Aside from new players (and trying to play Rifts), I've never seen anyone have a particularly difficult time with the combat options in Savage Worlds. It's not like most players are concerned with all the options from round-to-round. If a character doesn't have Taunt the player is unlikely to try to use it, if armed with a revolver they're not concerned with 3 round bursts, wound penalties are trivially easy to keep track of, and even rolling damage and comparing it to toughness is fairly simple. Combat in Savage Worlds is much, much quicker than it is in most other RPGs I play.
 

Aside from new players (and trying to play Rifts), I've never seen anyone have a particularly difficult time with the combat options in Savage Worlds. It's not like most players are concerned with all the options from round-to-round. If a character doesn't have Taunt the player is unlikely to try to use it, if armed with a revolver they're not concerned with 3 round bursts, wound penalties are trivially easy to keep track of, and even rolling damage and comparing it to toughness is fairly simple. Combat in Savage Worlds is much, much quicker than it is in most other RPGs I play.

Agreed.

The only players I've seen have trouble with it are the ones who doggedly refuse, month after month, to just take the 30-60 minutes needed to read through and try to comprehend the available combat options.

It would be much the same as a D&D player who never bothered to look at their class abilities, then continuously shows up for 6 months of play and has to ask his fellow players, "So, what should my character be doing right now?"
 

Aside from new players (and trying to play Rifts), I've never seen anyone have a particularly difficult time with the combat options in Savage Worlds. It's not like most players are concerned with all the options from round-to-round.

https://silentmaskrpg.files.wordpress.com/2019/05/combat-survival-guide-swade-v5.pdf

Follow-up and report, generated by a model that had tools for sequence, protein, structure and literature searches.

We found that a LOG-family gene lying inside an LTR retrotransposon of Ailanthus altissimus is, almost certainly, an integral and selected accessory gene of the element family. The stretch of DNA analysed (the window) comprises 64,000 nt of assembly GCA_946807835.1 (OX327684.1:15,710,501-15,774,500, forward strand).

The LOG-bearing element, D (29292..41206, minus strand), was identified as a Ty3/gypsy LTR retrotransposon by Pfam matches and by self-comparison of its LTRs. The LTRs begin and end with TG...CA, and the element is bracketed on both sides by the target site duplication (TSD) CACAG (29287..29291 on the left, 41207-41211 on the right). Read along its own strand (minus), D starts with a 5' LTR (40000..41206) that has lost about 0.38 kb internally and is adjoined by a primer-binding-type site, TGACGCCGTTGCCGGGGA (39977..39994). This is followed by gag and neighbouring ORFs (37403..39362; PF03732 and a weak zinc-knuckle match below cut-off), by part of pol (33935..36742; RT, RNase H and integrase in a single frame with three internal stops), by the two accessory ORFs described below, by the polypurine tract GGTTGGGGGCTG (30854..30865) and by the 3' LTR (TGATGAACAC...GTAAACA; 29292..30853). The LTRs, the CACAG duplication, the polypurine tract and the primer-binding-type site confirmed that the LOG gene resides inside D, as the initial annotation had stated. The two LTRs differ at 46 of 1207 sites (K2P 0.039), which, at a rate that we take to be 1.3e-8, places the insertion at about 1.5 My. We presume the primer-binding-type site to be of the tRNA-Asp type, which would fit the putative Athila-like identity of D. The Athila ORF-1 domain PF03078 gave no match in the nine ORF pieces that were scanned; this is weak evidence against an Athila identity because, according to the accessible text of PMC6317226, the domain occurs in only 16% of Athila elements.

The above PDF summarises just the basic combat options.

The below flowchart primarily summarises the combat resolution mechanic:

1611303467358.png



Combat in Savage Worlds is much, much quicker than it is in most other RPGs I play.

How can you say that?
-------------
Firing a automatic bust in Star Wars Saga Edition: If your weapon is capable of autofire, you make a single attack roll (1d20+bonus) vs TN of 10 to hit an area of 4 squares. Every target in those squares takes half damage (if your attack roll is less than their Reflex defence) or full damage if the attack equals or exceeds their Reflex defence. You then roll damage, and subtract from HP.

One roll to hit on a d20+mods. One roll to damage. Done.
-------------
Firing an automatic burst in SWADE: You check the ROF of your weapon (2-4 usually) and then roll 1 Shooting die for every single point of ROF (and a single Wild die, the latter of which can replace the roll of one of your Shooting die). All die can explode, and may trigger a raise if you roll 4 higher than your DC, adding +1d6 to the damage roll (or 'hitting innocent bystanders' on rolls of 1, and also with 1's on the Wild die and the Shooting die leading to a catastrophic failure of some kind.). You then roll damage (taking into account raises on those Shooting rolls) for each of those Shooting die that hit separately (on exploding dice), sum that total, and then compare this total to a value equal to [your targets Toughness plus Armor, less the AP value of the weapon you're shooting]. For every 4 full points left over, you cause a wound to your target.